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Why do we need chatbots?

Chatbots are the talk of the town with the announcement of Facebook to launch their Messenger platform with chatbots in April 2016. Here a short summary of why we need it, what shapes and forms a chatbot can take and where to start with it.

Why do we need chatbots? Simple answer is simplicity; When I want a simple question answered, I do not want search for my specific App and search within the App for the information I need, or browse through a set of pages on a website.

A couple of years ago I was working abroad, and with a phone with roaming costs you do not have internet always continuously at hand. I’m supporting my football team Ajax, and wanted to know the scores whenever they played. So I used a (Dutch) tool (NOS teletext), punched in 818 (games played today) and got me at a blink the game scores at bare minimum network.

Chatbots are about the same, just give my information or help me with an activity in the most basic configuration, what is my flight info, what are opening hours, I’d like to transfer money etc. This is all done from a command line type of interface, which could be Facebook messenger, Slack, Telegram, Text Messages, etc.

In summary a chatbot delivers a simple chat interface, and enables a conversation that can be guided by rules and potentially with artificial intelligence.
Just like Apps and Websites, chatbots can take different shapes and behaviour. The three most common forms a chatbot can take are Reactive, Scheduled and Predictive:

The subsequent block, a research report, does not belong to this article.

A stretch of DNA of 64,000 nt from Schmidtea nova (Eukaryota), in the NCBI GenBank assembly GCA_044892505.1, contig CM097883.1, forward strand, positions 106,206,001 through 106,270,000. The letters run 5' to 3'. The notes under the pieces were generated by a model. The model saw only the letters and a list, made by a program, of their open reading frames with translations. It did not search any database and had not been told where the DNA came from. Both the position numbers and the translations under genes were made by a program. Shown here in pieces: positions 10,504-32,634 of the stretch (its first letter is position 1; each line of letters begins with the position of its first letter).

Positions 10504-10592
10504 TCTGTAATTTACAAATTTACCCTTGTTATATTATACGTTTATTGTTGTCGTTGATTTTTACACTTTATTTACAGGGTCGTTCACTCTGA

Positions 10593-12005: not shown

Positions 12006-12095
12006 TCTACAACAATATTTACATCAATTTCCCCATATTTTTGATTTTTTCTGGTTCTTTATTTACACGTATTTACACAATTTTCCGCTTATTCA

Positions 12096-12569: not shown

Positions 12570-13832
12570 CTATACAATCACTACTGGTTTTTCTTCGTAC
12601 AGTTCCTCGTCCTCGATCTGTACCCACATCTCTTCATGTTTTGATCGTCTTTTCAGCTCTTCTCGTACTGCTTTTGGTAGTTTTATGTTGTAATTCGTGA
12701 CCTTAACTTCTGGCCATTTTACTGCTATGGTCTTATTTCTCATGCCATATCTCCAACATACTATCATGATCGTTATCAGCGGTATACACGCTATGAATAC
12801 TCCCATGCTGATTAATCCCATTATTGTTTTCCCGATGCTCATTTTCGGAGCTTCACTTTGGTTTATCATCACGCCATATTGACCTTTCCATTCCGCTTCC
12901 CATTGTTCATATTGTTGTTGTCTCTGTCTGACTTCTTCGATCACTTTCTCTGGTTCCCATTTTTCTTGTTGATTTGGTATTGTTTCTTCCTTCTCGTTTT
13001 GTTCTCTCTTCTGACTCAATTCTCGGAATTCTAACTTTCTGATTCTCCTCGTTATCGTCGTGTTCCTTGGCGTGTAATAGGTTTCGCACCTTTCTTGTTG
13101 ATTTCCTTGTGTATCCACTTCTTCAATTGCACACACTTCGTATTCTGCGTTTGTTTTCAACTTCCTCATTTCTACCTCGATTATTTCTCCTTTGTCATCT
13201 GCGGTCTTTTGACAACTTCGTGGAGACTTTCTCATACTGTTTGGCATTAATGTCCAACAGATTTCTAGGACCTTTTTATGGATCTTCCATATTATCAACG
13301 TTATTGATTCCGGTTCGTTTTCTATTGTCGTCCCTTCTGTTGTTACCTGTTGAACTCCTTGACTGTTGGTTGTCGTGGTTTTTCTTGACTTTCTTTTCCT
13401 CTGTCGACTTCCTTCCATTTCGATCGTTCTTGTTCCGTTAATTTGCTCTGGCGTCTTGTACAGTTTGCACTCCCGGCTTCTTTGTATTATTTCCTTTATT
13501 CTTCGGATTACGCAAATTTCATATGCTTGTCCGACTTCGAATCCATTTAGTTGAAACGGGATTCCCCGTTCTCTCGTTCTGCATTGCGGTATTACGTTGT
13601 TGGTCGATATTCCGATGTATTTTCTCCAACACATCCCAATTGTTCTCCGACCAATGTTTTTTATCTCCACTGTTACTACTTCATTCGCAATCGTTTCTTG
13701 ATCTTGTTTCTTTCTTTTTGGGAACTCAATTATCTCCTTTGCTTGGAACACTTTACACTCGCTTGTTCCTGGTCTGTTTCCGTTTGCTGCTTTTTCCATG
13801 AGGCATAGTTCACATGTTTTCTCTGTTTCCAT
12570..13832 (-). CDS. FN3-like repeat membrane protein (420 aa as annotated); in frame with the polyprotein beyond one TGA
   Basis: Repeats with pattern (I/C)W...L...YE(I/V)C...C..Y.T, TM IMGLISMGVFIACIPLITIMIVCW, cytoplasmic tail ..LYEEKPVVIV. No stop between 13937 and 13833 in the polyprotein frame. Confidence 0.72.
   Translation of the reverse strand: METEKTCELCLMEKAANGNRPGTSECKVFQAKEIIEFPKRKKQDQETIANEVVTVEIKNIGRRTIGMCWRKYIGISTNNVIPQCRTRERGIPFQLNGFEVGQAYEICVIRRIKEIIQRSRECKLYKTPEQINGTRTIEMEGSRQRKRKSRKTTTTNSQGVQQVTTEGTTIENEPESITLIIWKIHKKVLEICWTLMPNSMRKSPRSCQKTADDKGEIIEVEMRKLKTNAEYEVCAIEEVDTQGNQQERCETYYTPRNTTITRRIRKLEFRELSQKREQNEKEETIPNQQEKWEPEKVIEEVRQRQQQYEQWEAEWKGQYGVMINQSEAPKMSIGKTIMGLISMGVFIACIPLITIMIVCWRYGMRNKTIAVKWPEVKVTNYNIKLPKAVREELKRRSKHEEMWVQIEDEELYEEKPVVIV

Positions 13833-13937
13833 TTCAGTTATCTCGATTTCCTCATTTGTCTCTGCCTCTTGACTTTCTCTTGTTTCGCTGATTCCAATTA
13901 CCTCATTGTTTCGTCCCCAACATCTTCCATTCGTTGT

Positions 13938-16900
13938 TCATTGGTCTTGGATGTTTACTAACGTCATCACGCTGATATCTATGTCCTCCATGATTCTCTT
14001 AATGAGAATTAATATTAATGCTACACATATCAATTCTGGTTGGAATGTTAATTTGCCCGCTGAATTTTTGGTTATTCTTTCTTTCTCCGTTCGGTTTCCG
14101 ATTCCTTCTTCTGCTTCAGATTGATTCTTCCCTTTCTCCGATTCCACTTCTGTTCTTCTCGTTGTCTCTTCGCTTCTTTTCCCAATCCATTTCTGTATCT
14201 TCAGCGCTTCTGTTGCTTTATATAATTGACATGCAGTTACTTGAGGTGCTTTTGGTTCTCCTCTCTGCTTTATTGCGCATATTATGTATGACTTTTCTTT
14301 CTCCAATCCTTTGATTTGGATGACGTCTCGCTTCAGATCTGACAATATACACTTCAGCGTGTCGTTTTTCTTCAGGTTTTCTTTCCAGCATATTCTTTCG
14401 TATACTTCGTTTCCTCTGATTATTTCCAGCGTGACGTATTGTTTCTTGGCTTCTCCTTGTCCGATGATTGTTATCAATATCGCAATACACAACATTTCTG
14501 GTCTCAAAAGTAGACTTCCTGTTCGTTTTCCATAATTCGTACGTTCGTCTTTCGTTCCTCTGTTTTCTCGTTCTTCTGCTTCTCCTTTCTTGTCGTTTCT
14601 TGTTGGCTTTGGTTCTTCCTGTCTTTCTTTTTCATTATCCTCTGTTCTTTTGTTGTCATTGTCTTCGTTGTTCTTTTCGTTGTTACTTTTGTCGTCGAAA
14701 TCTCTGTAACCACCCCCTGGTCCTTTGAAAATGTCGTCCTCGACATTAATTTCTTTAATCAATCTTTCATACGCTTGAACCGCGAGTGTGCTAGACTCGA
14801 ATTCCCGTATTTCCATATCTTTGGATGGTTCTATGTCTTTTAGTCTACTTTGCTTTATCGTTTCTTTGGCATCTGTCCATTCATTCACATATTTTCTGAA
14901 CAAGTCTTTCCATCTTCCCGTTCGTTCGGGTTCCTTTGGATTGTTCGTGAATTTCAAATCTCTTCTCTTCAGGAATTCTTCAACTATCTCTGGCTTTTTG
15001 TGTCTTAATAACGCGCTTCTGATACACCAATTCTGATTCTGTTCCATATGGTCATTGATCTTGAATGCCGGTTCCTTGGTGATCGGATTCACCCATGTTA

Reactive chatbots deliver their info in a predictive mode, just like the Airport service bot shown below.  These reactive chatbots are guided by a fixed menu or a Rule engine, delivering answers based predefined questions. Upfront the chatbot designer tries to de define the questions that need to be answered by the chatbot. This works fine in the majority of customer questions, or simple transactions protocols.

Scheduled chatbots deliver their information in a set timeframe, every morning I need to know the outstanding orders, who filled in their time forms too late or just deliver the main news of the day. Here an example of Digg, a news feed providing me every morning with the latest news.

Predictive chatbots deliver their information based upon behaviour knowledge or previous conversions (with you or other persons). These chatbots are the ones everybody is interested in, and also are known as the Artificial Intelligence type of chatbots. The intelligence can be added as part of a conversation, the bot tries to understand your questions, which are free format, and gives personalised answers. Or the chatbot can give you information outside a conversation, for instance in your daily rhythm of going to work and trying to avoid the traffic jam, it can send a message when you walk to your car that the situation on the road is good (or bad..).The chatbot is here a learning system. This still is in a experimental stadium, and loads of errors are made in the implementations with the bots from vendors providing racist answers.

Where to start?

As tempting it may sound to build your own AI system answering every question, there a multiple use cases that with the help of a simple reactive chatbot can improve the interaction between the end-user, callcenters and the backend systems.